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Adolescent stress-sensitive periods and dopamine system hyperactivity: implications for schizophrenia etiology and prevention

Zhu, Xiyu (2022) Adolescent stress-sensitive periods and dopamine system hyperactivity: implications for schizophrenia etiology and prevention. Doctoral Dissertation, University of Pittsburgh. (Unpublished)

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Schizophrenia arises from interacting risk factors. Emerging evidence indicates childhood and adolescence are potential sensitive periods for stress to confer psychosis risks, but how early stress modulates pathophysiological factors, namely hippocampal hyperactivity and ventral tegmental area (VTA) hyperdopaminergic activity, is unclear. Current antipsychotic treatments have unmet therapeutic needs. As potential alternative treatments, the preventative efficacy of environmental enrichment (EE) and antioxidant treatment (N-acetylcysteine) have been moderately indicated in humans. In animals whether they positively modulate schizophrenia pathophysiological factors in the hippocampus and the VTA was undetermined.
Our previous study indicated that combined foot-shock and restraint stress during adolescence [postnatal day (PD) 31-40] and adulthood (PD65-74) of male rats can induce distinct activity disruptions to VTA dopamine and ventral hippocampus (vHipp) pyramidal neurons. Specifically, adolescent stress uniquely induced persistent hyperdopaminergic states, accompanied by vHipp hyperactivity and decreased markers of parvalbumin interneurons (PVIs) and their maturation (perineuronal nets). These effects contrasted with the transient hypodopaminergic state induced by adult stress, indicating stress-sensitive periods. To define the temporal boundaries of sensitive periods and elucidate sex differences, this dissertation compared consequences of prepubertal (PreP-S) and postpubertal stress (PostP-S) (at PD21-30 or PD41-50, respectively). Males were selectively vulnerable to PreP-S, exhibiting adult hyperdopaminergic activity, vHipp hyperactivity, and vHipp PVI impairments. In contrast, females were vulnerable to PostP-S in these outcome measures. Persistent male-selective activation of the basolateral amygdala (BLA) was found after PreP-S, suggesting that PreP-S and PostP-S might engage sexually dimorphic mechanisms to lead to similar adult neurophysiological outcomes relevant to schizophrenia.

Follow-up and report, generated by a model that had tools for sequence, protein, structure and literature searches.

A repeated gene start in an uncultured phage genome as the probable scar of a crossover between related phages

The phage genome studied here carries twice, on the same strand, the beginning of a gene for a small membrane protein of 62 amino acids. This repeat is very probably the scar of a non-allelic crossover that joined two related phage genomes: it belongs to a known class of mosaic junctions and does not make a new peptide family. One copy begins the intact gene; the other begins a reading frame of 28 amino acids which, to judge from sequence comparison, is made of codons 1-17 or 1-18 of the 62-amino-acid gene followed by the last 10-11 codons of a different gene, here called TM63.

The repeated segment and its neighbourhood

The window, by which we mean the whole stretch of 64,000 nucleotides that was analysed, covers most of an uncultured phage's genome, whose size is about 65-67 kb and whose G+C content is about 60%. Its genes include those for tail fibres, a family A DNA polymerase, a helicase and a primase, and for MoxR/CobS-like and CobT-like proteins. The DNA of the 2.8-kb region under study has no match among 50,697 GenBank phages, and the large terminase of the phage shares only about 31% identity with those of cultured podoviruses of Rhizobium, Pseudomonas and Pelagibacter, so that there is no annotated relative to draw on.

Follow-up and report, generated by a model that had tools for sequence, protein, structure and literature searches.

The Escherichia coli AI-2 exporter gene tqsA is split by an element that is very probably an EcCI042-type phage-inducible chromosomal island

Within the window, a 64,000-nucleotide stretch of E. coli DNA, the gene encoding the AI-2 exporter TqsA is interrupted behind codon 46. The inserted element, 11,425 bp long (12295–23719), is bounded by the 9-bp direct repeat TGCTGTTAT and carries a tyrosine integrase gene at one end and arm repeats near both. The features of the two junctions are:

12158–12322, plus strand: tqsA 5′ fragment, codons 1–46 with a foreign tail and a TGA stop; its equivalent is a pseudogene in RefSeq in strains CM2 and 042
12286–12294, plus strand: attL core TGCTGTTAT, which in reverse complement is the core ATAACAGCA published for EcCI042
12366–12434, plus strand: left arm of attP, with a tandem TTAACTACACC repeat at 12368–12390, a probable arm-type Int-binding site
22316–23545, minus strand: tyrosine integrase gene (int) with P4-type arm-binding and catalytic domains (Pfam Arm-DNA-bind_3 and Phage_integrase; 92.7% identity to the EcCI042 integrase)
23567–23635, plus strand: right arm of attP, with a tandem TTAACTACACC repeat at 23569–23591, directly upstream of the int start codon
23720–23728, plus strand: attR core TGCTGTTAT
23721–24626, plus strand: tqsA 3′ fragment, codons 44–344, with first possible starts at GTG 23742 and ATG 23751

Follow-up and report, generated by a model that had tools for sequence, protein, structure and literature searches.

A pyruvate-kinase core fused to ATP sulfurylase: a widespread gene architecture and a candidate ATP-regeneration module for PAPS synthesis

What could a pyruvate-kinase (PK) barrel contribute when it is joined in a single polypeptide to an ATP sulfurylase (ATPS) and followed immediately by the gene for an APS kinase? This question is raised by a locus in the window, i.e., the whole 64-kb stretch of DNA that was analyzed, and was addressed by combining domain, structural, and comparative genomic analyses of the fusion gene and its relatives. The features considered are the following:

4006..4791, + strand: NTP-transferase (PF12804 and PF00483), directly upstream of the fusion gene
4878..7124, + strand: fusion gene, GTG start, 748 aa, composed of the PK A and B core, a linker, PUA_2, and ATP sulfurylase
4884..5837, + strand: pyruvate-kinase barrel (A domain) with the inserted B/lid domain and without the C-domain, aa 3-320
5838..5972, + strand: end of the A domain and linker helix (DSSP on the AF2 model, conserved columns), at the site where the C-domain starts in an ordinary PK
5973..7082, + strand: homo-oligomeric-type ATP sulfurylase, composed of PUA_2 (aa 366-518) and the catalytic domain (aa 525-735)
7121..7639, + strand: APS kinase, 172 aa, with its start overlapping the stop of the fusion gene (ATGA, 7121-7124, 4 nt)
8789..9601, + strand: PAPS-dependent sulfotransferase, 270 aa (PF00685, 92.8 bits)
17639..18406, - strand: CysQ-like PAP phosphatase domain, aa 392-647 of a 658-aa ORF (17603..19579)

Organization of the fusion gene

The preventative potentials of early EE and N-acetylcysteine were determined in the methylazoxymethanol acetate (MAM) model. In MAM rats, PD21-40 EE prevented VTA hyperdopaminergic activity and vHipp hyperactivity but failed to prevent anxiety and related BLA hyperactivity. PD11-25 N-acetylcysteine treatment prevented adult hyperdopaminergic states, as well as the abnormal prefrontal regulation of dopamine neurons. This effect was accompanied by prevention of PVI oxidative impairments in the thalamic reticular nucleus.
Altogether, these results suggest that stress during age- and sex-dependent adolescent sensitive periods can lead to schizophrenia-related electrophysiological alterations. Moreover, EE and N-acetylcysteine could be promising prophylactic approaches for at-risk individuals.


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Item Type: University of Pittsburgh ETD
Status: Unpublished
CreatorsEmailPitt UsernameORCID
Zhu, Xiyuxiz82@pitt.eduxiz820000-0001-5264-9387
ETD Committee:
TitleMemberEmail AddressPitt UsernameORCID
Committee MemberMcClung,
Committee ChairGrace, Anthonygraceaa@pitt.edugraceaa
Committee MemberSesack, Susansesack@pitt.edusesack
Committee MemberDong, Yanyandong@pitt.eduyandong
Committee MemberSorrell, Shawnshawn.sorrells@pitt.edushawn.sorrells
Committee MemberBerretta,
Date: 6 June 2022
Date Type: Publication
Defense Date: 26 January 2022
Approval Date: 6 June 2022
Submission Date: 16 March 2022
Access Restriction: No restriction; Release the ETD for access worldwide immediately.
Number of Pages: 206
Institution: University of Pittsburgh
Schools and Programs: Dietrich School of Arts and Sciences > Neuroscience
Degree: PhD - Doctor of Philosophy
Thesis Type: Doctoral Dissertation
Refereed: Yes
Uncontrolled Keywords: dopamine; stress; sex difference
Date Deposited: 06 Jun 2022 15:57
Last Modified: 06 Jun 2022 15:57

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